PARIS — Sheikh Majed Al-Sabah, one of the Middle East’s most high-profile retail figures, is stepping down as chairman and creative director of Villa Moda Lifestyle, WWD has learned.
This story first appeared in the September 2, 2009 issue of WWD. Subscribe Today.
According to market sources, Al-Sabah could reveal his resignation as early as today, following frustrations with Villa Moda’s new owner, the Dubai International Financial Center.
The DIFC, which is owned by the Dubai government, took a majority stake in Villa Moda last September and trumpeted ambitions to go global with the retail banner. Instead, sources said, the DIFC fell behind on day-to-day operations, financial reporting and a complicated consolidation. Trading of shares of Villa Moda, quoted on the Kuwait Stock Exchange, has been suspended since April.
Market sources recently estimated annual revenues at Villa Moda to be in excess of 60 million euros, or $86.3 million at current exchange rates.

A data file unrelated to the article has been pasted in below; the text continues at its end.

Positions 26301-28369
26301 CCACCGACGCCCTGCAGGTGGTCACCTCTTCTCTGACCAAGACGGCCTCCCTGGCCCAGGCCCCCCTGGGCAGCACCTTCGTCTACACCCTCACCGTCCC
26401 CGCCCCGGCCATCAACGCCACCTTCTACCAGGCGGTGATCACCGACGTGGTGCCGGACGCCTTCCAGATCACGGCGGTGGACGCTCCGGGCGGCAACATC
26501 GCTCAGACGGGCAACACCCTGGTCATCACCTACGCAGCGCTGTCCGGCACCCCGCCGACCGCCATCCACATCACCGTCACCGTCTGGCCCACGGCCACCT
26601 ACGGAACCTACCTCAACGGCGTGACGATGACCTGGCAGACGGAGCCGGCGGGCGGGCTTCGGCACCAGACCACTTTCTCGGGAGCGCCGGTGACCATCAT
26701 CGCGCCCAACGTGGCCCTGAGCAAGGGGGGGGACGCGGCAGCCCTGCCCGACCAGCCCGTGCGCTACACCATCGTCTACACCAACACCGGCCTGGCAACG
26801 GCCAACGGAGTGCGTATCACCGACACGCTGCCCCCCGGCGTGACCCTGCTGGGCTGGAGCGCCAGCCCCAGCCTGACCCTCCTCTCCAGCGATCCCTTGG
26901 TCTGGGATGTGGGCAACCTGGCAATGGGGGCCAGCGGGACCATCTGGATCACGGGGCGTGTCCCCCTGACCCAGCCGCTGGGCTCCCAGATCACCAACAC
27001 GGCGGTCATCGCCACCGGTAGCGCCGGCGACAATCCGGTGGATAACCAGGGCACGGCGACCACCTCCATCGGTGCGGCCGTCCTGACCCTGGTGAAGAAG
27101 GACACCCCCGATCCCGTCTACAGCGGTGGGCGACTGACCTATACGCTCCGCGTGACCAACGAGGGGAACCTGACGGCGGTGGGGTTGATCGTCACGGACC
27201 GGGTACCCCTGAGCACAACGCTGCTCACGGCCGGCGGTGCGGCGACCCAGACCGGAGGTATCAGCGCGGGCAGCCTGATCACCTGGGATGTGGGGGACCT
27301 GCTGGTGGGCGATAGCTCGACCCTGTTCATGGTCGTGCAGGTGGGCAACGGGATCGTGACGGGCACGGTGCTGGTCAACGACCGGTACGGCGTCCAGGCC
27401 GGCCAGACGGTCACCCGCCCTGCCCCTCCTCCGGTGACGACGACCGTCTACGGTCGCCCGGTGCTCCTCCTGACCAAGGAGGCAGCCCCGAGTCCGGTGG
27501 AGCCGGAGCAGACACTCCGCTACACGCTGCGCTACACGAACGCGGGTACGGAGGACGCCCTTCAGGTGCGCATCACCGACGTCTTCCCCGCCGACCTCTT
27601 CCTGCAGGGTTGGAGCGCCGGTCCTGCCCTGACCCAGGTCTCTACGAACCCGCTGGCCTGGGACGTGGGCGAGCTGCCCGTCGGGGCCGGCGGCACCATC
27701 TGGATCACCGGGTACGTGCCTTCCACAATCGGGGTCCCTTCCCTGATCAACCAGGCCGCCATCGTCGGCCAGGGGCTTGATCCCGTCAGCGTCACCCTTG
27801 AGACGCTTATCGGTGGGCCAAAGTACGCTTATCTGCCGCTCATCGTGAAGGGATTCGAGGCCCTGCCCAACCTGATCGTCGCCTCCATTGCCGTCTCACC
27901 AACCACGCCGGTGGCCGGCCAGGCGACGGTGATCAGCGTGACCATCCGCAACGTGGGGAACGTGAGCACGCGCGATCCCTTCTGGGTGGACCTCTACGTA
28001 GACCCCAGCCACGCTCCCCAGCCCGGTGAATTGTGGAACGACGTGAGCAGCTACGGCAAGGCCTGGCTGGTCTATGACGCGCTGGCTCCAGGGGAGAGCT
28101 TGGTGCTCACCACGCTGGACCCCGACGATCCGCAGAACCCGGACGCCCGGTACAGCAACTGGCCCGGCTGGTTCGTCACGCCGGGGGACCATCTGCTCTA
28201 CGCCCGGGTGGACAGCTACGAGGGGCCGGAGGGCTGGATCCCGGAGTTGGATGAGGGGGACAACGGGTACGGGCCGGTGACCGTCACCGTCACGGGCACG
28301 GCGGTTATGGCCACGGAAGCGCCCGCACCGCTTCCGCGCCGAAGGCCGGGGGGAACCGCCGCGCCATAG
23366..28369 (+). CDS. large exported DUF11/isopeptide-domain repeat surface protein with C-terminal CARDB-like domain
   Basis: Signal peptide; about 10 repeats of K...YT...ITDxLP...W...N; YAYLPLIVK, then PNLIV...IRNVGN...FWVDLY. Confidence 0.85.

A member of the Kuwaiti royal family and a cheerleader for the Gulf region’s business potential, Al-Sabah opened his first fashion store in Kuwait City in 1992. In 2002, he christened a 75,000-square-foot Villa Moda emporium and flew the likes of Stella McCartney, Domenico De Sole and Bloomingdale’s late Kal Ruttenstein to join him for a sumptuous celebration featuring everything from camel rides and fireworks to luncheons with society women.
Since then, Al-Sabah has been a front-row fixture at European shows and has expanded his footprint across the Middle East, experimenting with souklike retail concepts and tapping cutting-edge industrial designers.
Today, there are Villa Moda locations in Qatar, Bahrain, Dubai and Syria, along with some 40 flagships for a range of European brands, including Gucci, Prada, Fendi, Dolce & Gabbana, Valentino, Dries Van Noten, Marni and Yves Saint Laurent.
Al-Sabah, who has recently dabbled in real estate and contemporary art ventures, could not be reached for comment on Monday.